The silver lining when you hit rock bottom is there's no place to go but up (actually, you can move sideways as well). Flip those words of wisdom upside down and you have a situation where Android, which has been sitting on top of the world, suddenly has to deal with its first ever decline in market share, according to data released by market research firm ABI Research.
You can never really have enough USB ports, and this is especially true if you own a laptop, most of which are decked out with just three or four of them. By the time you plug in an external mouse, keyboard, and laptop cooler, you're either out of USB ports or down to one. Be that as it may, USB modems continue to outsell embedded modules by a wide margin, a research company says.
Tablets might be the talk of the tech industry, but according to market research firm ABI Research, netbooks still rule the roost. Some 60 million netbooks are expected to ship around the globe in 2011, says ABI Research, and by 2013 ABI predicts that number will double.
That's good news for Acer, the biggest netbook player in terms of market share, and one of just six vendors who dominate the netbook market with a 78 percent stake. Asus, meanwhile, has lost some ground, giving up half of its market share in 2009 after running neck-and-neck with Acer in 2008.
"Instead of having a preeminent two, it looks as if only Acer will continue to maintain its commanding lead, but at the same time there are more vendors competing head-to-head," notes principal analyst Jeff Orr. "Most of the other major names -- HP, Dell, Lenovo -- increased their market shares in 2009, while Samsung lost a couple of percentage points."
According to Orr, while netbooks continue to flood the landscape, we can expect to see "consolidation through attrition" as companies which aren't heavily invested in netbooks start to exit the market.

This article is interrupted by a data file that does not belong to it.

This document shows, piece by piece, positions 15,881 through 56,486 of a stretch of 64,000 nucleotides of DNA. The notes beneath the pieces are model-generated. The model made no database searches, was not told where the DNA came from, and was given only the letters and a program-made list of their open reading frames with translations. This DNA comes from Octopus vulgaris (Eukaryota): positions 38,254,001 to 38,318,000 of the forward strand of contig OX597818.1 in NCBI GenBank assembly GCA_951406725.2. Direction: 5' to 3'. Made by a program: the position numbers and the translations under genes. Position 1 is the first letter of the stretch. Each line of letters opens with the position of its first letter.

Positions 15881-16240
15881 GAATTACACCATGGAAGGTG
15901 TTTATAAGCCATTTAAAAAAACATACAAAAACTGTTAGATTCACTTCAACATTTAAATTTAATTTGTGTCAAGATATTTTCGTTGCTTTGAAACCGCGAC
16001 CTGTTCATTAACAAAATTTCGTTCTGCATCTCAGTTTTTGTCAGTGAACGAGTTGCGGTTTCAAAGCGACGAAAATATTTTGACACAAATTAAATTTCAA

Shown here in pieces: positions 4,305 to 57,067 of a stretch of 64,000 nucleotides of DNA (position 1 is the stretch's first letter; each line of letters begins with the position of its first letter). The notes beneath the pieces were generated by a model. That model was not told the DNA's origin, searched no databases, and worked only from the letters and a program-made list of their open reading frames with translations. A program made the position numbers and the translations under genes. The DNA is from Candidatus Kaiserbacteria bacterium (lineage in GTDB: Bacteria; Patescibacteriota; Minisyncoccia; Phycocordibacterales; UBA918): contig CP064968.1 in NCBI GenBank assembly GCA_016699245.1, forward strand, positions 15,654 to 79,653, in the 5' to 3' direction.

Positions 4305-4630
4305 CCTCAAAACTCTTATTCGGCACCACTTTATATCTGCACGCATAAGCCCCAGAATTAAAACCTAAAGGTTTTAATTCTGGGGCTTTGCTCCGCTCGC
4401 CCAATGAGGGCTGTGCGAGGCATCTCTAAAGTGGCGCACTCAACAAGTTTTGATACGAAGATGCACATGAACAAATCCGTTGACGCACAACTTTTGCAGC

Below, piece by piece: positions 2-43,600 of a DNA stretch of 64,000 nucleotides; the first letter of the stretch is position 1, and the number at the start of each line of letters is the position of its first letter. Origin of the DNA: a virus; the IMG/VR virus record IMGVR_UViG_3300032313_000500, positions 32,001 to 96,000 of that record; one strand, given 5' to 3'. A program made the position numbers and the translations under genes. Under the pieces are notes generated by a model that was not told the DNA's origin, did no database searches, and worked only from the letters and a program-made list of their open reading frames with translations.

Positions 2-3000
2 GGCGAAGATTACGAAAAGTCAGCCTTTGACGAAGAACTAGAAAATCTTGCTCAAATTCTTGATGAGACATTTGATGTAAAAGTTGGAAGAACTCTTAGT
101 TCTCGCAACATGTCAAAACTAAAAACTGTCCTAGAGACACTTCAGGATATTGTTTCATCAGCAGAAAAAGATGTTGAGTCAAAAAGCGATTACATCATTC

Say what you want about bandwidth caps, metered Internet service, and other ISP woes - when all is said and done, the broadband business is thriving, and it will continue to do so, suggests ABI Research practice director Jason Blackwell. According to Blackewell, global fixed broadband service revenue will top $210 billion in 2014.
Broadband revenue has been steadily climbing. After reaching $145 billion in 2008, fixed broadband service pulled in $164 billion in 2009, a pretty big jump considering we're dealing with billions of dollars.
What's interesting to note is that broadband revenue continued to show significant growth, even as the economy came to a screeching halt. Part of the reason is because of the popularity of services like IPTV and online gaming.
The biggest benefactor is still DSL, which claims the lion's share of the market. DSL broadband service revenue claimed nearly $100 billion in 2009 all on its own, though ABI expects that to only grow to $103 billion in 2014.
Fiber broadband revenue, on the other hand, is showing tremendous growth. ABI Research reckons fiber broadband will pull in $24.4 billion in revenue by the end of the year.
According to market research firm ABI Research, smartbooks -- a relatively new segment -- are about to get their due and will see 163 million shipments worldwide by 2015. But how does ABI define a smartbook?